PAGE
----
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Boris Johnson for mayor?
April 20, 2008 8:18 AM   Subscribe

Stop Boris Johnson?

Boris Johnson is the Conservative candidate for the Mayor of London this May, running against Ken Livingstone. The public generally know him for his apparently likeable bumbling persona, for example on Have I Got News For You, but there is another side ...
posted by bwerdmuller (58 comments total) 4 users marked this as a favorite

 
Boris is hardly the ideal candidate for Mayor, but some of the Guardian's po-faced Pooterish attacks on him are laughable. They haul out the 'flag-waving piccaninnies with watermelon smiles' stuff to paint him as a racist, but if you actually read it in the context of the original article, you see he's nothing of the sort.

They say [Blair] is shortly off to the Congo. No doubt the AK47s will fall silent, and the pangas will stop their hacking of human flesh, and the tribal warriors will all break out in watermelon smiles to see the big white chief touch down in his big white British taxpayer-funded bird.

Quite possibly the most clearly, obviously sarcastic paragraph ever committed from pen to paper, and yet the Guardian disingenuously takes it literally.
posted by matthewr at 8:39 AM on April 20, 2008


Just read the Calvin Trillin piece in the New Yorker about Livingstone and Johnson, and Trillin reports that the Mayor of London should really just be called "transit commissioner", because that's all the mayor has control over.

Johnson seems like a more pleasant sort of person than Livingstone, who obviously is a terrorist.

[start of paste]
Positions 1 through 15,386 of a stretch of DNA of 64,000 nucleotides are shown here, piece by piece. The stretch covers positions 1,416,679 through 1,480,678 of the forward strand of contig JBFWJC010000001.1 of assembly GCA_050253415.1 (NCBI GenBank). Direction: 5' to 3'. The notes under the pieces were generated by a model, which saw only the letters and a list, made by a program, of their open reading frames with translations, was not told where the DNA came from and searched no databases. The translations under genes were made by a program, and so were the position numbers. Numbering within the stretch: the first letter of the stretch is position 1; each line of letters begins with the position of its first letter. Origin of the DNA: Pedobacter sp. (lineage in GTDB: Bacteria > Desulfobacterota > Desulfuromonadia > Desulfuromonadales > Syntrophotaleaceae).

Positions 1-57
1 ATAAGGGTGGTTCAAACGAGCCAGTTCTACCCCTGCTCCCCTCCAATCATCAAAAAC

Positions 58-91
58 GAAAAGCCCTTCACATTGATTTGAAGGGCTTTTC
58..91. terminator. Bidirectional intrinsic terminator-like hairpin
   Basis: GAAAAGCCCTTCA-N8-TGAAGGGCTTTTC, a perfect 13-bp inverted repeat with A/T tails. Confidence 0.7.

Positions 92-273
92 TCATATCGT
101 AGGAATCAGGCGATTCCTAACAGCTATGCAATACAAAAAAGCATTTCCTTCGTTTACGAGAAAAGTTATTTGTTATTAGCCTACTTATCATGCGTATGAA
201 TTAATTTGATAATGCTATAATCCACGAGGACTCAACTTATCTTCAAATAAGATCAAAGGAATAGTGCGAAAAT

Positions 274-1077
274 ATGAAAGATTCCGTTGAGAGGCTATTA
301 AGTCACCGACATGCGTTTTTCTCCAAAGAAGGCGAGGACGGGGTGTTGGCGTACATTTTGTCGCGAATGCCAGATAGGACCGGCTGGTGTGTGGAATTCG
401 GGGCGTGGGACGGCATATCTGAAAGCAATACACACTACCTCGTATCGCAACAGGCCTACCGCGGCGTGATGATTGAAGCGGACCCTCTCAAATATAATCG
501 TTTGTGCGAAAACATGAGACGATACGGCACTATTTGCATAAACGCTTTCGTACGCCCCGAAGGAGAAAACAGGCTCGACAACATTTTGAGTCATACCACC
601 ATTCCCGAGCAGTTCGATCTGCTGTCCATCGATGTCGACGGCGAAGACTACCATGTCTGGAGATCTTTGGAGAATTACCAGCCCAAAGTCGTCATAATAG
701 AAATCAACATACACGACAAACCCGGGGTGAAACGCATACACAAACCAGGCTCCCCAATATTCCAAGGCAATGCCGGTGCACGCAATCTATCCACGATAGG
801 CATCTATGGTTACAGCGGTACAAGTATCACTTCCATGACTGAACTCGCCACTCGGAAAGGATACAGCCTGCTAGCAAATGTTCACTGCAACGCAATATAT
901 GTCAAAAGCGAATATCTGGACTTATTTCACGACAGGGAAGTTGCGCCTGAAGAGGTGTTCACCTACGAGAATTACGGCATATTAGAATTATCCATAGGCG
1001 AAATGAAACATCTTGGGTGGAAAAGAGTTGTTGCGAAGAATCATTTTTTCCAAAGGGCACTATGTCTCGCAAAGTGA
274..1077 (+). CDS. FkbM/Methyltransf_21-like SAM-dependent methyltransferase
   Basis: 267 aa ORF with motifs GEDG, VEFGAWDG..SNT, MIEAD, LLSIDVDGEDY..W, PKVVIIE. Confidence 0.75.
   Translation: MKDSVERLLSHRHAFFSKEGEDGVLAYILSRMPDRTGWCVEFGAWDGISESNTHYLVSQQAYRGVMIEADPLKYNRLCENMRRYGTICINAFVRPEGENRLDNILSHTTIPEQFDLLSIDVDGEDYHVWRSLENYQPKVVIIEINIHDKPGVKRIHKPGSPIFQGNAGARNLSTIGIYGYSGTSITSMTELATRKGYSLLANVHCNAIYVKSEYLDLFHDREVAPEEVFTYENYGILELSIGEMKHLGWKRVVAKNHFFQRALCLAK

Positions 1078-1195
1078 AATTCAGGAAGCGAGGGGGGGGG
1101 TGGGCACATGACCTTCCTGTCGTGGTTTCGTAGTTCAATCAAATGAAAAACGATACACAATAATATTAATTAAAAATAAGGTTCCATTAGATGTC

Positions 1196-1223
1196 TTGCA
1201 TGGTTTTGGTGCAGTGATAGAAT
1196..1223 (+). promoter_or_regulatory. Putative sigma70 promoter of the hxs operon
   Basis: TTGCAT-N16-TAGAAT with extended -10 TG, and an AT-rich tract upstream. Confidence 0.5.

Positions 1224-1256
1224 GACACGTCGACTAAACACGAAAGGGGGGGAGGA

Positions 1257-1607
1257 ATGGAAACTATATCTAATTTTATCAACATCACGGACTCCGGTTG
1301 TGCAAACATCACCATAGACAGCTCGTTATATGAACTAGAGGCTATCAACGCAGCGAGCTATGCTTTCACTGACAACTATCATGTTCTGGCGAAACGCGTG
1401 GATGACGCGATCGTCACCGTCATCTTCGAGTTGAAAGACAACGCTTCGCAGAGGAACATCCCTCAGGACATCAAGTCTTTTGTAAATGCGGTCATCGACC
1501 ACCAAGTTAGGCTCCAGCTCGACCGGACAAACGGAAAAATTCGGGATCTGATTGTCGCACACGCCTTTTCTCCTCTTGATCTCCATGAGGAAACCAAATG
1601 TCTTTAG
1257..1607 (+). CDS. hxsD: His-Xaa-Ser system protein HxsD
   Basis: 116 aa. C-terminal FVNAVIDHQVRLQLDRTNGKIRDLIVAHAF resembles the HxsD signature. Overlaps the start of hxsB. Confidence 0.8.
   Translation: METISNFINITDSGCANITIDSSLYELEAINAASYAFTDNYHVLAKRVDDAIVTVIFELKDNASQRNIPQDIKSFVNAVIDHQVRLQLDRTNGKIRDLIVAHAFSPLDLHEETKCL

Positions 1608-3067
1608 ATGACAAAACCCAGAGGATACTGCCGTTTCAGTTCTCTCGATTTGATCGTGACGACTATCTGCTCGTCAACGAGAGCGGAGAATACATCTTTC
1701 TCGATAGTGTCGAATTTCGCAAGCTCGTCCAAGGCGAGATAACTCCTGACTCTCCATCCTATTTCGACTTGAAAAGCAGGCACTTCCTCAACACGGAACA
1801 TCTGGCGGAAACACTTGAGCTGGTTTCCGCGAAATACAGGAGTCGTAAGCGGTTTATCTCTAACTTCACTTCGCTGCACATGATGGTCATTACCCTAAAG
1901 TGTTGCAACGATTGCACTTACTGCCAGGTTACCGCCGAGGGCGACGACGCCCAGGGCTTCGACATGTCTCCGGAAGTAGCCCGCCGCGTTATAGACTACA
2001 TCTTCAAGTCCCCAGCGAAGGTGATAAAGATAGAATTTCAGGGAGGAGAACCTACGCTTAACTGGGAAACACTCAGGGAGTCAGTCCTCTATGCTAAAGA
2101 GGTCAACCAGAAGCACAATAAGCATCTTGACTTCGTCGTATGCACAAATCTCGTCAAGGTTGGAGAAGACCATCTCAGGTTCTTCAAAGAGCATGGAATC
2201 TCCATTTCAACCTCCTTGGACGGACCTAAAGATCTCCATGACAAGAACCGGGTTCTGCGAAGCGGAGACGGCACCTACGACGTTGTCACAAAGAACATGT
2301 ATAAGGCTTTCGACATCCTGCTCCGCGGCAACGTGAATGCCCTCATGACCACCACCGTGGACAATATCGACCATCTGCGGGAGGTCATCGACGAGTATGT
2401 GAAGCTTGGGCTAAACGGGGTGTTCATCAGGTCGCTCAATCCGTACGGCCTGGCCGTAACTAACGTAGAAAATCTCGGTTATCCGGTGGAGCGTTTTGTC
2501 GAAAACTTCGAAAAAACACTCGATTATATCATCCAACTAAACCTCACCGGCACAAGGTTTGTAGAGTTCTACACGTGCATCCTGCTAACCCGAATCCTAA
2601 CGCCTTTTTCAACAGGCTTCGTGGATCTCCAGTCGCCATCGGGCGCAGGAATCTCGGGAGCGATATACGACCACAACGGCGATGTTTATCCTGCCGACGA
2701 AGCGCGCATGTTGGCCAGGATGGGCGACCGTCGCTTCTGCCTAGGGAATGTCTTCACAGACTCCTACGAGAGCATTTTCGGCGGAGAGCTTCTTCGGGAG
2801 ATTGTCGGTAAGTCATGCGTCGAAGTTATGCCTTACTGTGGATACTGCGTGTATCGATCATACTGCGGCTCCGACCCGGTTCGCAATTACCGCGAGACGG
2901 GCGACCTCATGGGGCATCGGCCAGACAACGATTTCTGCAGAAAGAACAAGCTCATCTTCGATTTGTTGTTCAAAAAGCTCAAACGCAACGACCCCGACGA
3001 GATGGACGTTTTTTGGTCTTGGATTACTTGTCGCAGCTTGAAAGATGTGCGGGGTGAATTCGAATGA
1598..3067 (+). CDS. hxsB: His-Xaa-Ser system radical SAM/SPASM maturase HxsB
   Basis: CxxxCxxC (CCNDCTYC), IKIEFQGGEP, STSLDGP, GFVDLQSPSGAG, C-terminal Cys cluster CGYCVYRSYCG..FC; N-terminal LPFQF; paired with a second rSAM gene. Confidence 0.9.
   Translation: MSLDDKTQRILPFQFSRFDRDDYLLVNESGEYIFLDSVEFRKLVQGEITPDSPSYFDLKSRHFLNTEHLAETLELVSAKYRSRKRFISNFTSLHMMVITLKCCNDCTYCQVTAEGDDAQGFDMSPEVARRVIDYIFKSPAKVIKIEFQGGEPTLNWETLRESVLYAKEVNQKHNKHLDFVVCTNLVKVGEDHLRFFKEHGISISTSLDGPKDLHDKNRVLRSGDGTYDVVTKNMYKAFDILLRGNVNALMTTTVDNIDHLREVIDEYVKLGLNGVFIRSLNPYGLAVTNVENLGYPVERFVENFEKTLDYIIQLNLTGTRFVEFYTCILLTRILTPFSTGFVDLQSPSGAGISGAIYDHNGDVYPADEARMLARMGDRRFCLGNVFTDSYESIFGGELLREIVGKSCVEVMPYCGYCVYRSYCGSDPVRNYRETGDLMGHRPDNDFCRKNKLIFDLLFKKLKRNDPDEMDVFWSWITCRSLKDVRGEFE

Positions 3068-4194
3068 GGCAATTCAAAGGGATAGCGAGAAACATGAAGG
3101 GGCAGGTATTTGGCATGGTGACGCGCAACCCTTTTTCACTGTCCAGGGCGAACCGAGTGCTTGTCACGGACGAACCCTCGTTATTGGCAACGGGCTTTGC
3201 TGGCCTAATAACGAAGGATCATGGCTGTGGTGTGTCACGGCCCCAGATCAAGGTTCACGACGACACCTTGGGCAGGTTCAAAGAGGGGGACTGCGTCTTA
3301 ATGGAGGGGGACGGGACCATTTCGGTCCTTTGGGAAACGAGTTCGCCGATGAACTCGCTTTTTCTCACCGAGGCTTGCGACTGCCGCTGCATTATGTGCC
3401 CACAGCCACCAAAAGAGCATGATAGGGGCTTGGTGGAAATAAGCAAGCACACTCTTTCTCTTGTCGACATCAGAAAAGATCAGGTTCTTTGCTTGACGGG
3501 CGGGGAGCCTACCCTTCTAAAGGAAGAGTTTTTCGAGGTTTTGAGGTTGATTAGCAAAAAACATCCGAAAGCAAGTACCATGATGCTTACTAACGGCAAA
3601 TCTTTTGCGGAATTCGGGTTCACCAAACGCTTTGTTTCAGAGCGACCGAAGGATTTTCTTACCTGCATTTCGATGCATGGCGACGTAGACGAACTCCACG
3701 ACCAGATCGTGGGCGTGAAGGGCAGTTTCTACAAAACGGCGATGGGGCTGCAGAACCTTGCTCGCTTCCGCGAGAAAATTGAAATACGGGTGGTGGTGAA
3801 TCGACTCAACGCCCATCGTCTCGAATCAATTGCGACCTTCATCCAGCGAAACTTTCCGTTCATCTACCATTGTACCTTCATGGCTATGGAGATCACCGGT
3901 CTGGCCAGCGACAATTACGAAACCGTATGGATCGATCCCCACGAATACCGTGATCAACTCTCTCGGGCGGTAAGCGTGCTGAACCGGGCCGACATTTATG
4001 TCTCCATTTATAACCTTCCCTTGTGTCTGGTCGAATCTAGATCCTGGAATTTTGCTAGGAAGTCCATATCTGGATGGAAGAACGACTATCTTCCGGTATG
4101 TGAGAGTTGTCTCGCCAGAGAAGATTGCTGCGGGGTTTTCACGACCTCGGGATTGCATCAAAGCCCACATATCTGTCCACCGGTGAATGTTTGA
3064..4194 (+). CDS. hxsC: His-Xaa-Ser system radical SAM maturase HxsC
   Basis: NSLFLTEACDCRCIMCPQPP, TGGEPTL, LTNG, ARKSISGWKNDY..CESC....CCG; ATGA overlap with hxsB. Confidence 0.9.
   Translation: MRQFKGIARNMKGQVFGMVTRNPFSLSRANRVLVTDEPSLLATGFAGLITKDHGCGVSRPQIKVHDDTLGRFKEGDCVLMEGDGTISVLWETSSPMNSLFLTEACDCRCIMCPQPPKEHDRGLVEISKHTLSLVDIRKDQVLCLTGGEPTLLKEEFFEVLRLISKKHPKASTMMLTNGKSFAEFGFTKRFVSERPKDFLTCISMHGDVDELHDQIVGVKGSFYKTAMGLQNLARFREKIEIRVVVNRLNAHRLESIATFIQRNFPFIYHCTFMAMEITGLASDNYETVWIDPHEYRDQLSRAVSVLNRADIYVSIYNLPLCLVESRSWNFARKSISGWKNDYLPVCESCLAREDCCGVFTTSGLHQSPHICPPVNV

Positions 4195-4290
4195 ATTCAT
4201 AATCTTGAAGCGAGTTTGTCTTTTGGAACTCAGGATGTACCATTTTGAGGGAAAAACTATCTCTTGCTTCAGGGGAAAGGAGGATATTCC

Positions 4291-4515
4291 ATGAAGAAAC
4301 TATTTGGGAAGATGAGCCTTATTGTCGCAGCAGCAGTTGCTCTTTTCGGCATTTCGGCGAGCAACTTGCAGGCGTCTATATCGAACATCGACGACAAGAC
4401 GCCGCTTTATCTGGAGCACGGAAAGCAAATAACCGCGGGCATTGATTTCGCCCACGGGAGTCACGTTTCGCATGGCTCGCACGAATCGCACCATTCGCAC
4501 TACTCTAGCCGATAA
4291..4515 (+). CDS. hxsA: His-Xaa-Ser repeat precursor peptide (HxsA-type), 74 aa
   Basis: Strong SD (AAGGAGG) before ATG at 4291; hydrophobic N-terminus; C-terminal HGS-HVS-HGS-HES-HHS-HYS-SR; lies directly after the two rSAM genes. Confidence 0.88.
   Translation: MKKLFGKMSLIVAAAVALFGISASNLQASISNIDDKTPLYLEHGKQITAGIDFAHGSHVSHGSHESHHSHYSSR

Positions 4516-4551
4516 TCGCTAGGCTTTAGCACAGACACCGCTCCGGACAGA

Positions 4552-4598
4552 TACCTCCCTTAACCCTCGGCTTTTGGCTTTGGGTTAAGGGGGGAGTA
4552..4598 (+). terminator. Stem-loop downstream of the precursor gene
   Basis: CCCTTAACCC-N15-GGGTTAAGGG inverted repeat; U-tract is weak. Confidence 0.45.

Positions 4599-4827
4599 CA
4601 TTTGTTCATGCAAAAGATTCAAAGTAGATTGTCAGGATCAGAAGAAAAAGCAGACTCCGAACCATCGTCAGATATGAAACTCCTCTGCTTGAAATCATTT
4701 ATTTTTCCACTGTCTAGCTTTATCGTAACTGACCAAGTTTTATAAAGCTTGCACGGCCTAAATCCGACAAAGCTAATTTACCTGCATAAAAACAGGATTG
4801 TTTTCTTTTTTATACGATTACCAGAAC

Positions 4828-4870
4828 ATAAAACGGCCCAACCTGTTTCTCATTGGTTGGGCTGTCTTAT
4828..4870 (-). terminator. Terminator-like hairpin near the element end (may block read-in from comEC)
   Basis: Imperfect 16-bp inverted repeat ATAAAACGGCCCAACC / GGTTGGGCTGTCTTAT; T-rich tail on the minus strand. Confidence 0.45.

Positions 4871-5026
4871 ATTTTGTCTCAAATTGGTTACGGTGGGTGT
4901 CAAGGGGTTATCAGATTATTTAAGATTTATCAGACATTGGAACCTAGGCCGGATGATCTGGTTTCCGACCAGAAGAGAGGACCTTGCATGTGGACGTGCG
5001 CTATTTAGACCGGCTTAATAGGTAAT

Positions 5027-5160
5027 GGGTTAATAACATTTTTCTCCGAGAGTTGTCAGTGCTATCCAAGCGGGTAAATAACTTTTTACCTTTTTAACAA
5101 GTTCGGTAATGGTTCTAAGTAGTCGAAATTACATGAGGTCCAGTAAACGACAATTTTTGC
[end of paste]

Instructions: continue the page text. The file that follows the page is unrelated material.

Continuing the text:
posted by KokuRyu at 8:46 AM on April 20, 2008


A few more links.

Anatole Kaletsky:
Yet this conventional wisdom is completely wrong. Mr Johnson and Mr Livingstone, far from being blundering political innocents, are both politicians of the first rank. Mr Livingstone not only managed to outmanoeuvre and humiliate both Tony Blair and Gordon Brown by becoming the first Mayor of London, but proved himself to be the only British politician of his generation to confront Margaret Thatcher and win in the long run. Mr Johnson cannot, yet, claim any such electoral triumphs, but he has managed to survive verbal gaffes and personal scandals as serious as the ones that ended the career of David Blunkett and a host of Tory Cabinet ministers from the Thatcher years.
A.A. Gill:
The truth is nobody really thought that Boris could win; the Conservatives just didn’t want a repeat of the humiliation they went through with the last Tory candidate, Steven Norris (and don’t even mention Jeffrey Archer). If Boris could acquit himself in a gentlemanly fashion, knock up a reasonable score, draw some blood, that would be enough: there would be tea and biscuits and a junior cabinet post back at Westminster.